CSD is an elegant method to implement digital multipliers in a more efficient way. This article reviews the basics of CSD and its implementation.

Generally‎, ‎digital signal processing algorithms require a large number of multiplications‎. ‎As a simple example‎, ‎consider a FIR filter with 32 taps‎. ‎Utilizing the symmetry in the filter coefficients‎, ‎we need 16 multiplications to produce a single sample of the filter output‎. ‎Depending on the number of bits used to represent the input samples and the filter coefficients‎, ‎these multiplications can easily become a time-consuming process‎. ‎

The design of hardware-efficient multipliers has attracted a lot of attention over the decades ‎and ‎the ‎extensive ‎research ‎has ‎led ‎to a‎ ‎number ‎of ‎solutions. ‎This article reviews the basic concepts of canonical signed digit (CSD) representation. CSD is an interesting solution in implementing efficient multipliers‎, particularly when multiplying an input signal by a constant ‎multiplicand‎‎, ‎e.g‎. ‎when implementing a FIR filter ‎where we face some fixed coefficients‎‎.

 

The Main Idea ‎of CSD

Suppose ‎that ‎we ‎want ‎to ‎multiply $$‎x$$‎‎ ‎by ‎the ‎binary ‎number $$‎y=‎‎1‎1‎110$$‎. ‎The ‎simplest ‎way ‎to ‎do ‎this ‎would ‎be ‎based ‎on ‎the ‎following ‎equation:‎

 

$$‎z‎= ‎2^{4}x+‎‎2^{3}x+2^{2}x+2^{1}x$$‎ 

 

Multiplication (and division) by two can be achieved by bitwise shift operations. Hence, the above equation ‎means ‎that ‎we ‎need ‎to ‎add ‎shifted ‎versions ‎of $$x$$‎. The number of shift and addition ‎operations‎ depends on the number of non-zero digits of the multiplicand. In this example, ‎there‎ are ‎four‎ ‎1s, ‎so‎ ‎the ‎multiplication ‎requires ‎four‎ ‎shifts ‎and ‎three ‎additions. ‎If ‎we ‎could ‎represent ‎‎$$y$$ with fewer non-zero digits, then we ‎could‎ reduce the complexity of multiplication. ‎In ‎this ‎particular ‎example, ‎it ‎is‎ ‎actually possible to represent ‎$$y$$ in a more efficient way ‎because $$‎y=30=2^{5}-2^{1}$$. ‎With ‎this ‎representation, ‎called ‎CSD,‎ ‎the ‎above ‎multiplication ‎needs ‎two ‎shifts ‎and ‎only a‎ ‎single ‎subtraction. CSD ‎is a‎ ‎representation ‎in ‎which ‎the ‎number ‎of ‎non-zero ‎digits ‎becomes ‎minimal. To ‎achieve ‎this, ‎CSD ‎uses a‎ ‎ternary ‎number ‎system ‎which ‎uses‎ ‎a‎ ‎new‎ ‎digit, $$‎-1$$, ‎‎‎‎denoted by $$‎\bar{1}$$. For example, the CSD representation of ‎‎$$30‎$$ ‎is ‎‎$$1000\bar{1}0‎$$.‎‎ ‎While ‎the‎ ‎representation ‎in the equation above ‎relies ‎on a‎ ‎summation ‎of ‎powers ‎of ‎two, ‎CSD‎ ‎uses ‎both ‎additions ‎an‎d subtractions.

This provides more flexibility ‎in implementing arithmetic functions‎; however, we ‎will ‎face ‎two ‎challenges: ‎firstly, ‎we‎ ‎have ‎to ‎represent ‎each ‎number ‎with ‎the digit set of $$‎\{ -1, 0, 1 \}$$ instead of the binary representation which has the digit set of $$‎\{ 0, 1 \}$$. ‎This ‎means ‎that ‎two ‎bits ‎are ‎required ‎to ‎store ‎one ‎digit ‎of a ‎CSD number.‎ ‎Secondly, ‎since ‎we ‎are ‎generally ‎using ‎the ‎binary ‎representation, ‎we ‎have ‎to ‎add ‎some ‎circuitry ‎which ‎converts‎ a‎ ‎binary ‎number ‎into ‎CSD ‎before performing the multiplication‎. ‎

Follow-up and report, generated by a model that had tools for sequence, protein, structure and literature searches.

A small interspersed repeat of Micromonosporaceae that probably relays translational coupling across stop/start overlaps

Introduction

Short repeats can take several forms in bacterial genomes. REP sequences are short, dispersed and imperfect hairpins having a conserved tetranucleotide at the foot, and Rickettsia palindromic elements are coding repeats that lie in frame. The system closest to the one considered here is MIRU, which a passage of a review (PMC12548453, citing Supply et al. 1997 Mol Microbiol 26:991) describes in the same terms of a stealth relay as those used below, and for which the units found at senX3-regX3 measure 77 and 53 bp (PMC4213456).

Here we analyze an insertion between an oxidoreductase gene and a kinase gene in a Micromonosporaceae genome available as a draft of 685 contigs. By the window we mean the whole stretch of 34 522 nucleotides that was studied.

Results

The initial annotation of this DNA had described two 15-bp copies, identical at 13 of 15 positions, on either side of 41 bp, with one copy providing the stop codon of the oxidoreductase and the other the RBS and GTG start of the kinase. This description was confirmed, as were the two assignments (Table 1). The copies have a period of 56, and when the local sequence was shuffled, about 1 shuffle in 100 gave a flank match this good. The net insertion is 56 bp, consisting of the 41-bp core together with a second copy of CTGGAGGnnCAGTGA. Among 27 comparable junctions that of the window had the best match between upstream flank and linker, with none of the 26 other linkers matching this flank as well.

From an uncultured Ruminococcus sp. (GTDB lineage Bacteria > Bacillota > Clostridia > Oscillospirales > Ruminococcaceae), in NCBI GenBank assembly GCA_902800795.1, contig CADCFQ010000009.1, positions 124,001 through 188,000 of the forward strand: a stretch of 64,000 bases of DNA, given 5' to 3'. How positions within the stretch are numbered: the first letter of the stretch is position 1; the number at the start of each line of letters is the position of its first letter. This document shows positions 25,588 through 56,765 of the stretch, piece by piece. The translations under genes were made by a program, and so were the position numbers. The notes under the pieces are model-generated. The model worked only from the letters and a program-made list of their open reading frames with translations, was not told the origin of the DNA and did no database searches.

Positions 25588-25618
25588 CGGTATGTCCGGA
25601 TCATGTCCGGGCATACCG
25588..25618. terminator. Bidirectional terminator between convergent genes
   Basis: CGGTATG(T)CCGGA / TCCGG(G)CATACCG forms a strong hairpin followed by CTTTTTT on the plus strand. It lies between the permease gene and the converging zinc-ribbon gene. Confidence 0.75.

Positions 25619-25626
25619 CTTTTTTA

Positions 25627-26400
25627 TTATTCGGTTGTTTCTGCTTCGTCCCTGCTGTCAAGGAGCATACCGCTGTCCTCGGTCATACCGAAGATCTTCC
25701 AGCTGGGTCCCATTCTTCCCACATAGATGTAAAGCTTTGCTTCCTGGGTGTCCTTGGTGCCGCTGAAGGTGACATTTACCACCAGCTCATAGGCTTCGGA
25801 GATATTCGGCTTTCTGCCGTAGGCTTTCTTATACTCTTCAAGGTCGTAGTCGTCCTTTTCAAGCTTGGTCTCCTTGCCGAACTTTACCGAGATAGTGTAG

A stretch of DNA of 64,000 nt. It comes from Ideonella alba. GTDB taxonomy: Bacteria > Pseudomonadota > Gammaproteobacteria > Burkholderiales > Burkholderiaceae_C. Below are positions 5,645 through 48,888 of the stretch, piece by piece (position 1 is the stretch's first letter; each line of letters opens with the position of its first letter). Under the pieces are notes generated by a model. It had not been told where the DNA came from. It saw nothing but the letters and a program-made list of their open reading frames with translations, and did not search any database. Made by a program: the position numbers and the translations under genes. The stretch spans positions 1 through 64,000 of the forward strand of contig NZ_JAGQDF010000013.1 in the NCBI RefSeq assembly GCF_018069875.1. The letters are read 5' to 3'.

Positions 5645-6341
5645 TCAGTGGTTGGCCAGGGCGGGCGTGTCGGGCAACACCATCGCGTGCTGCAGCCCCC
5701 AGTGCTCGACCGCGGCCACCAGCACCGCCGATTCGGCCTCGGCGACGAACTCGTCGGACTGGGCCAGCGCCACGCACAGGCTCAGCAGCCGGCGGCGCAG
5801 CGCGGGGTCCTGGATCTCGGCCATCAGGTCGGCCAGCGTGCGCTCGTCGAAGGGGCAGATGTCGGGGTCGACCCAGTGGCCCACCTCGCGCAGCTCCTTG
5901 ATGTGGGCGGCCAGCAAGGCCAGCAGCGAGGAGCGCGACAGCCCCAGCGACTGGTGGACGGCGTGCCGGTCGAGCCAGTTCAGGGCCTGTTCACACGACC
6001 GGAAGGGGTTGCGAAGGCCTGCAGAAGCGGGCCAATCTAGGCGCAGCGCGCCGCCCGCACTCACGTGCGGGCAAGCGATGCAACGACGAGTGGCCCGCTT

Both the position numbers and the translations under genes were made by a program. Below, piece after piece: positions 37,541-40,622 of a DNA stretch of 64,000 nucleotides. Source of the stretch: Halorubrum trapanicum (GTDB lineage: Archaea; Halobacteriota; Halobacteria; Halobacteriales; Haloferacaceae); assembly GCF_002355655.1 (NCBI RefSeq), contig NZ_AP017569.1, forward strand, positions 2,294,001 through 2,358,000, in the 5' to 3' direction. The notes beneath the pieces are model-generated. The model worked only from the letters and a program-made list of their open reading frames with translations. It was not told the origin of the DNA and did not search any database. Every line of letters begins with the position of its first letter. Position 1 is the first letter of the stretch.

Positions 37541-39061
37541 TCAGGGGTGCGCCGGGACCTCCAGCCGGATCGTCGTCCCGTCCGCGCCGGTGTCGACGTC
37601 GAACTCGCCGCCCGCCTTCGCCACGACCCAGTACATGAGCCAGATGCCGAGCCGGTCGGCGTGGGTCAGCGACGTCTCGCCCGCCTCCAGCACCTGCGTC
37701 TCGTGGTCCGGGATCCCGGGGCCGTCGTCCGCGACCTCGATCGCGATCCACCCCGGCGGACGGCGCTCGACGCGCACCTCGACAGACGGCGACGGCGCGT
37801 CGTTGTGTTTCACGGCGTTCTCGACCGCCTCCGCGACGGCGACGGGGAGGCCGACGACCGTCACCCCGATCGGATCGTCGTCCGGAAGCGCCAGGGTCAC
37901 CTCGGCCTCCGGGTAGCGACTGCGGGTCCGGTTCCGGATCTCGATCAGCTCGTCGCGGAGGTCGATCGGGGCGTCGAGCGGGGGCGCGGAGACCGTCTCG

‎‎‎As ‎the ‎discussed‎ ‎‎example ‎shows, ‎CSD ‎is ‎particularly ‎helpful ‎in ‎dealing ‎with ‎numbers ‎which ‎have a‎ ‎string ‎of ‎1s. ‎In ‎these ‎cases, ‎CSD ‎replaces ‎several ‎shift ‎and ‎add ‎operations ‎resulting ‎from‎ ‎the ‎string ‎of ‎1s‎ ‎with ‎two ‎shifts ‎and ‎one ‎subtract ‎operation.

 

Important Properties of CSD Representation

In a‎ ‎CSD ‎number, ‎two ‎consequtive ‎digits ‎cannot be‎‎‎‎ ‎non-zero, ‎i.e., $$1\bar{1}$$ ‎and ‎$$\bar{1}1$$ ‎are ‎not ‎allowed. ‎‎‎Therefore, the maximum number of non-zero digits for an $$N$$-bit CSD number will be $$\lfloor{\frac{N}{2}‎}\rfloor$$. Even with $$N$$, ‎the ‎largest ‎number ‎that ‎can ‎be ‎represented ‎by ‎an‎ $$N$$-bit CSD is

 

$$‎2^{N-1}+2^{N-3}+‎\dots+2^{1}‎\approx‎ ‎\frac{2^{N+1}}{3}‎‎$$

 

Hence, ‎while a‎ ‎four-bit ‎binary ‎number ‎can ‎represent ‎the ‎decimal $$15$$, the largest value represented by a‎ ‎four-bit ‎CSD ‎number ‎is $$10$$.‎‎‎

For ‎an $$N$$-bit CSD number, $$C=\sum_{i=0}^{N-1}c_{i} 2^{i}$$‎, the probability of $$c_{i}$$ being non-zero is given by

 

$$P(|c_{i}| =1)=\frac{1}{3} +\frac{1}{9N} \left[1-\left(-\frac{1}{2} \right)^N\right]$$

 

With a relatively large $$N$$, the above probability becomes ‎approximately equal to $$‎\frac{1}{3}$$. However, ‎for a binary $$N$$-bit number, ‎the‎ probability of one particular bit being non-zero is $$\frac{1}{2}$$. This ‎means ‎that ‎CSD ‎reduces ‎the‎ ‎number of non-zero digits and leads to a ‎‎‎‎‎‎‎‎‎‎more ‎e‎‎fficient ‎implementation of multiplication.

While the binary representation uses the concept of 2's complement to code the negative numbers, we only need to invert the sign of digits in a ‎‎CSD number to represent negative numbers. This is possible because the digit set ‎of ‎CSD‎ includes $$-1$$. For ‎example, $$‎-‎30$$ ‎is represented by $$\bar{1}00010$$.‎‎

 

The Algorithm to Convert from Binary to CSD